Two-Year Outcomes of Sutureless SAVR versus TAVR in Low-Risk Aortic Stenosis

A comparative analysis found similar mortality and stroke rates in sutureless surgical aortic valve replacement (SU-SAVR) versus transcatheter AVR (TAVR) in low-risk patients with aortic stenosis. However, SU-SAVR was associated with a significantly increased risk of subsequent heart failure hospitalization. This study was published in Circulation: Cardiovascular Interventions.

“SU-SAVR has been proposed as a surgical alternative for treating aortic stenosis, which facilitates a minimally invasive approach,” wrote the study authors. “While some studies have compared the early outcomes of SU-SAVR versus TAVR, most data were obtained in high-risk patients and/or limited to in-hospital outcomes.”

At two centers between 2011 and 2020, 806 consecutive patients with European System for Cardiac Operative Risk Evaluation (EuroSCORE) II scores below 4% (low-risk) were enrolled. Patients underwent either TAVR or SU-SAVR. Baseline characteristics, in-hospital events, and follow-up outcomes were compared.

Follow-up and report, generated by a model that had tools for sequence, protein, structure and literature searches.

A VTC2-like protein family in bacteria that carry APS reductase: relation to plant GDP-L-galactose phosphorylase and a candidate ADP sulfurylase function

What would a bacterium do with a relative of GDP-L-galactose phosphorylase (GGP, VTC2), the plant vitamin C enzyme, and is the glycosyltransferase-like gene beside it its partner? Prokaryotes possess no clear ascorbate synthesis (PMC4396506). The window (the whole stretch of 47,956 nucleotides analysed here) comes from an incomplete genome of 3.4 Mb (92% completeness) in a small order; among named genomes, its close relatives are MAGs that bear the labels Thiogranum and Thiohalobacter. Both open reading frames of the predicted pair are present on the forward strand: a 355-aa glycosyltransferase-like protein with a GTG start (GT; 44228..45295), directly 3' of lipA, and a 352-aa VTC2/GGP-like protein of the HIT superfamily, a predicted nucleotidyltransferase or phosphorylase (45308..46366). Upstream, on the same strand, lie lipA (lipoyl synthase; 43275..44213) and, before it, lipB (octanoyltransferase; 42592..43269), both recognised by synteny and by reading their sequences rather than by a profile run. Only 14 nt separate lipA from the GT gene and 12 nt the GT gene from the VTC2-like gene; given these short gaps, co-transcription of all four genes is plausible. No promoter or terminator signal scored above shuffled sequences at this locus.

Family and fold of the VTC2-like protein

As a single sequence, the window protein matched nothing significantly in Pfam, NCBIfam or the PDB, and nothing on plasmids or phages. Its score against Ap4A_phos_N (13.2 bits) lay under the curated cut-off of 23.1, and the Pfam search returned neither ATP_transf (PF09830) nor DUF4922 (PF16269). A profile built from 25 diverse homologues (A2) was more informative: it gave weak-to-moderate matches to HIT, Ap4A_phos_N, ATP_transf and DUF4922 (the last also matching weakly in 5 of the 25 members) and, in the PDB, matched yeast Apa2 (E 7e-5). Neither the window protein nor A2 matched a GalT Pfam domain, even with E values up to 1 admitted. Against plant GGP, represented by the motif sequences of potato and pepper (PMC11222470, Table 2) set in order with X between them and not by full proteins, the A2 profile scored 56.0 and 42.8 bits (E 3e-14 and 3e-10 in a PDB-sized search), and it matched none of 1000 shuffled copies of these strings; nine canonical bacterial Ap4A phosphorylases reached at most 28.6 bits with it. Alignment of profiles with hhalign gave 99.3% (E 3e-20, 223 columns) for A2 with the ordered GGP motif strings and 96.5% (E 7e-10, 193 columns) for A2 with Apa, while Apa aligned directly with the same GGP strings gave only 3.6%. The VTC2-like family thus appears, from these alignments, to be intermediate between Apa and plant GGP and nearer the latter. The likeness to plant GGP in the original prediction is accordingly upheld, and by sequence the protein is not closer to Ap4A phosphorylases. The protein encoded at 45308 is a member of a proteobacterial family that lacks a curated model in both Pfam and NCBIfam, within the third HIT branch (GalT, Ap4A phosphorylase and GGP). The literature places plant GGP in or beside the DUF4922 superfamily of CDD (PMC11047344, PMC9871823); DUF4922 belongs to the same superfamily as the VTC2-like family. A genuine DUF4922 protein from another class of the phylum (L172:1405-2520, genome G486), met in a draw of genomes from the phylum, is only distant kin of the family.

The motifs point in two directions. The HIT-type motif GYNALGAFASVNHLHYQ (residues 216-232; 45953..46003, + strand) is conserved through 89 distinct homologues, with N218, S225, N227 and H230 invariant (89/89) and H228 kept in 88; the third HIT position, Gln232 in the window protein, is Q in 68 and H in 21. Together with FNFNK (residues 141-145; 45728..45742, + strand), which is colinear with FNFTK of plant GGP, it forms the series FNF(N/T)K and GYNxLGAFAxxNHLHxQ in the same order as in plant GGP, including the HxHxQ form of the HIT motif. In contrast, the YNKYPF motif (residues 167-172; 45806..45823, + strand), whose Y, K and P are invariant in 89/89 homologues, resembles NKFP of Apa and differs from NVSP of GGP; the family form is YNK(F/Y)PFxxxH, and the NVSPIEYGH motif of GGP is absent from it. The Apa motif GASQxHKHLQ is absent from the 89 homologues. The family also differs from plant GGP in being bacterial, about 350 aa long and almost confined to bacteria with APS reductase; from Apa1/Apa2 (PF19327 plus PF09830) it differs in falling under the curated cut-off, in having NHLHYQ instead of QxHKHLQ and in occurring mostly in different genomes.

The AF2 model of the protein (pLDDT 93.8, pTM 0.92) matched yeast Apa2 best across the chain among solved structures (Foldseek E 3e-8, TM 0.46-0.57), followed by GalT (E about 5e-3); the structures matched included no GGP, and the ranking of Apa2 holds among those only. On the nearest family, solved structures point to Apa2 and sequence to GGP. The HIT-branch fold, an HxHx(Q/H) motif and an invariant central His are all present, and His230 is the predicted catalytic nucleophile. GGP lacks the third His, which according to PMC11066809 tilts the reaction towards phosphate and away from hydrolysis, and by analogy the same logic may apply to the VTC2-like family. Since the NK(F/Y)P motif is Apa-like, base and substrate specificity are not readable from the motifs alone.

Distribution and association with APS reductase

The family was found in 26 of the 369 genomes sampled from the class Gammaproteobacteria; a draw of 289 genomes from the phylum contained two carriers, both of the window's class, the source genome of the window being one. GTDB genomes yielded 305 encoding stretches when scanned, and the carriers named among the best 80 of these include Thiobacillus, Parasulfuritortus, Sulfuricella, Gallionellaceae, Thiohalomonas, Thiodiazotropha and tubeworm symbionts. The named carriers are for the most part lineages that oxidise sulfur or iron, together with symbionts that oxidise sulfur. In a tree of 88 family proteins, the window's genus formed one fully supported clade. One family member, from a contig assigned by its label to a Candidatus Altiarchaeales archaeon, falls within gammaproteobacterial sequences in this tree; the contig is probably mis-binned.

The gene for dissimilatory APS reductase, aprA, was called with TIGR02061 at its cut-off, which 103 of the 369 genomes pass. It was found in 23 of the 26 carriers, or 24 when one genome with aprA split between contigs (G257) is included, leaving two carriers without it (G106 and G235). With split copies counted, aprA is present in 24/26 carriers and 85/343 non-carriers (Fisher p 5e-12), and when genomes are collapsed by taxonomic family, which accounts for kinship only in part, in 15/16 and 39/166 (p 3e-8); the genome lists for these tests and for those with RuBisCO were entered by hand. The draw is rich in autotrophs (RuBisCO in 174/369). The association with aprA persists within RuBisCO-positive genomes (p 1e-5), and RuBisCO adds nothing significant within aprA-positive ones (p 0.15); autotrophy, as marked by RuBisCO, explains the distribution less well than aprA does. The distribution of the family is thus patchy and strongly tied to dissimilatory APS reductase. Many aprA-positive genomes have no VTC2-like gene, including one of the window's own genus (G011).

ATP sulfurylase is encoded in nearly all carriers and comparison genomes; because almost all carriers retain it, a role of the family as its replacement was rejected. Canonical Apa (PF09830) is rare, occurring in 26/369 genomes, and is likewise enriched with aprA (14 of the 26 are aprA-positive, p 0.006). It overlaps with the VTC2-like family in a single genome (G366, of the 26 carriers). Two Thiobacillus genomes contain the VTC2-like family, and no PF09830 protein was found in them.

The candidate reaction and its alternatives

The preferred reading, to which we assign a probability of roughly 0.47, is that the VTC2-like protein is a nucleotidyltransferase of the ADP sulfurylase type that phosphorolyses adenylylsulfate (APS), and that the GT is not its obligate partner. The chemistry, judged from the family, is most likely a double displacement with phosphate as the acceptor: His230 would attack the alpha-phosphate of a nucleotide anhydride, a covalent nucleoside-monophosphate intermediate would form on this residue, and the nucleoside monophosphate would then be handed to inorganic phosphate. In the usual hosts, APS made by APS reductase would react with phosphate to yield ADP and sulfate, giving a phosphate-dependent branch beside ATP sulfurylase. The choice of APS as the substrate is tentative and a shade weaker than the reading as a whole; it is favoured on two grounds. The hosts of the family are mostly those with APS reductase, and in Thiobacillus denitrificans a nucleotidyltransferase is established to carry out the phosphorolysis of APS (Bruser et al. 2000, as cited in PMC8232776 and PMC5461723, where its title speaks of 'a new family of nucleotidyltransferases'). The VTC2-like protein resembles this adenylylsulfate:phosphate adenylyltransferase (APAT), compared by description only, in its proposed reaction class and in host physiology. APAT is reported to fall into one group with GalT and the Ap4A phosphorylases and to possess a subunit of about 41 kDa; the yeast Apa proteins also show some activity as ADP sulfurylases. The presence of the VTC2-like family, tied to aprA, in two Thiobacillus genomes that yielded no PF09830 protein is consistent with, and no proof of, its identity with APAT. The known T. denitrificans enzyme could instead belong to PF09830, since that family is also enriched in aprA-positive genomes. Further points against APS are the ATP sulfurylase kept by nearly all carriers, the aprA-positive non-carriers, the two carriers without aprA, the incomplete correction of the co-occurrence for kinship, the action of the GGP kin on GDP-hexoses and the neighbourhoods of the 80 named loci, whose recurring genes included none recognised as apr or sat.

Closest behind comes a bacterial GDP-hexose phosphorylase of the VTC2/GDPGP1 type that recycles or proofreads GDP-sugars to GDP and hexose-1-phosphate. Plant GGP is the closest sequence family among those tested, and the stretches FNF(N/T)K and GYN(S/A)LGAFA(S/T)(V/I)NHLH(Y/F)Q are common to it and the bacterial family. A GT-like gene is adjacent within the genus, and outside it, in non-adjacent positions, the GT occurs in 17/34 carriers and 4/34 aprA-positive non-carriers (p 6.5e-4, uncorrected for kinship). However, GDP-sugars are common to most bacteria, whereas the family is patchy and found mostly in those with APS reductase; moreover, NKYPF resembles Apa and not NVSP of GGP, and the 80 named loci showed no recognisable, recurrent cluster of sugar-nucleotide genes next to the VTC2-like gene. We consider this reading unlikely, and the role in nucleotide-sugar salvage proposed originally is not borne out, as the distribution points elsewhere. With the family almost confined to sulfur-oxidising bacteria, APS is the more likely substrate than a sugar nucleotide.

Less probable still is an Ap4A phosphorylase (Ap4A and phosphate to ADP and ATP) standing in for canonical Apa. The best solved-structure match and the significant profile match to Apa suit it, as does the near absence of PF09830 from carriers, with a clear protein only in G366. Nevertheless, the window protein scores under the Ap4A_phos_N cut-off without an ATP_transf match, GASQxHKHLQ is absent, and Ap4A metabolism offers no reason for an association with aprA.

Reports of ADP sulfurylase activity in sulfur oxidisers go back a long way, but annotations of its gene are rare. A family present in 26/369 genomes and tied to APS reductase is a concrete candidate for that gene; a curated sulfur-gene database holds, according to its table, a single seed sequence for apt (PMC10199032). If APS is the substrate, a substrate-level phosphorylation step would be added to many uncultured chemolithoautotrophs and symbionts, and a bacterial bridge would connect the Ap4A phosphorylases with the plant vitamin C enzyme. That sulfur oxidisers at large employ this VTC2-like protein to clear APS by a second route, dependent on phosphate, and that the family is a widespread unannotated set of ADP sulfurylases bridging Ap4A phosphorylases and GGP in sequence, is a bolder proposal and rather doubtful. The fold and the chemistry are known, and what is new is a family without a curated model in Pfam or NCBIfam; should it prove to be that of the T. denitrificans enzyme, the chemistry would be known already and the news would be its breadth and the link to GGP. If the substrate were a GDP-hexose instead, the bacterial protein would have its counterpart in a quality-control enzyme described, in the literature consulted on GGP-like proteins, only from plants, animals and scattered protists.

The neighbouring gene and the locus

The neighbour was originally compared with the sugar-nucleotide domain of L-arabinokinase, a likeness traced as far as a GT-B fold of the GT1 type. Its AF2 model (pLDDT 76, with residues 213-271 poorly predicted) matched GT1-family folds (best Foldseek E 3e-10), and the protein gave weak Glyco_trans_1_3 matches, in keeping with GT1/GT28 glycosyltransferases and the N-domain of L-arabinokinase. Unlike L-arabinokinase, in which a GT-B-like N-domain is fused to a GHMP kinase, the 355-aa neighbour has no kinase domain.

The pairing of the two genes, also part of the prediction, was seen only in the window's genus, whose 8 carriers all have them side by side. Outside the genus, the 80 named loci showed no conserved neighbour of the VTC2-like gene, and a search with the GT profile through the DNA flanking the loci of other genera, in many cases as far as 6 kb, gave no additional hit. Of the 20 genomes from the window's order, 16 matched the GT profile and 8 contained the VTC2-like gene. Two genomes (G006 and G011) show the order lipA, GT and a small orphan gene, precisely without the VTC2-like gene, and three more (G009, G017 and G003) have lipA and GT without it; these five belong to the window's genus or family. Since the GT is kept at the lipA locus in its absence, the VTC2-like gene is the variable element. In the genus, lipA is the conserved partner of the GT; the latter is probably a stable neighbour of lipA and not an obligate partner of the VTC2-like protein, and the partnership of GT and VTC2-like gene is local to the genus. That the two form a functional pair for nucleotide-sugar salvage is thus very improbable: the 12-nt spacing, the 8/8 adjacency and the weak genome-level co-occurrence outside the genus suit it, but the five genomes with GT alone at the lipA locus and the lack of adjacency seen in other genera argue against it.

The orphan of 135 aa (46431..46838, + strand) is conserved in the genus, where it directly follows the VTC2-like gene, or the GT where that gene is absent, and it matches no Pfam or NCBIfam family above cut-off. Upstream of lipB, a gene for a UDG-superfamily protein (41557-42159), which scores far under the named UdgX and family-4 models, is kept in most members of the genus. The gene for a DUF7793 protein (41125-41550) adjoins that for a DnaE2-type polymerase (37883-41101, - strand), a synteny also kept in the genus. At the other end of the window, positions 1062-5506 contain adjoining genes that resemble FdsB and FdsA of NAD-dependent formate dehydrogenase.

Between-group baseline characteristics were “well-balanced,” according to the authors. The median EuroSCORE II was 1.9% (range, 1.3-2.5%) in both SU cohorts (P=0.85).

The researchers reported no statistically significant differences in in-hospitality mortality between SU-SAVR and TAVR (4.1% vs. 1.8%, respectively, P=0.199). Similarly, rates of stroke were also comparable (2.3% vs. 2.9%, P=0.736).

By contrast, the SU-SAVR cohort demonstrated greater rates of bleeding and new-onset atrial fibrillation (P<0.001), and higher residual transvalvular gradients (P<0.001) compared with TAVR, while TAVR was associated with an increased rate of pacemaker implantation (P=0.011).

Median follow-up was two years, ranging from one to three. At follow-up, both groups demonstrated comparable rates of all-cause mortality (HR=0.97; P=0.936) and stroke (HR=0.83; P=0.708). SU-SAVR was associated with a nearly five-fold risk of heart failure hospitalization compared with TAVR (HR=5.38; P=0.002).

“In low-risk patients with aortic stenosis, TAVR was associated with improved in-hospital outcomes (except for conduction disturbances) and valve hemodynamics, compared with SU-SAVR,” the authors wrote. “Although similar mortality and stroke rates were observed at two-year follow-up, the risk of heart failure hospitalization was higher among SU-SAVR patients. These results may contribute to reinforce TAVR over SU-SAVR for the majority of such patients.”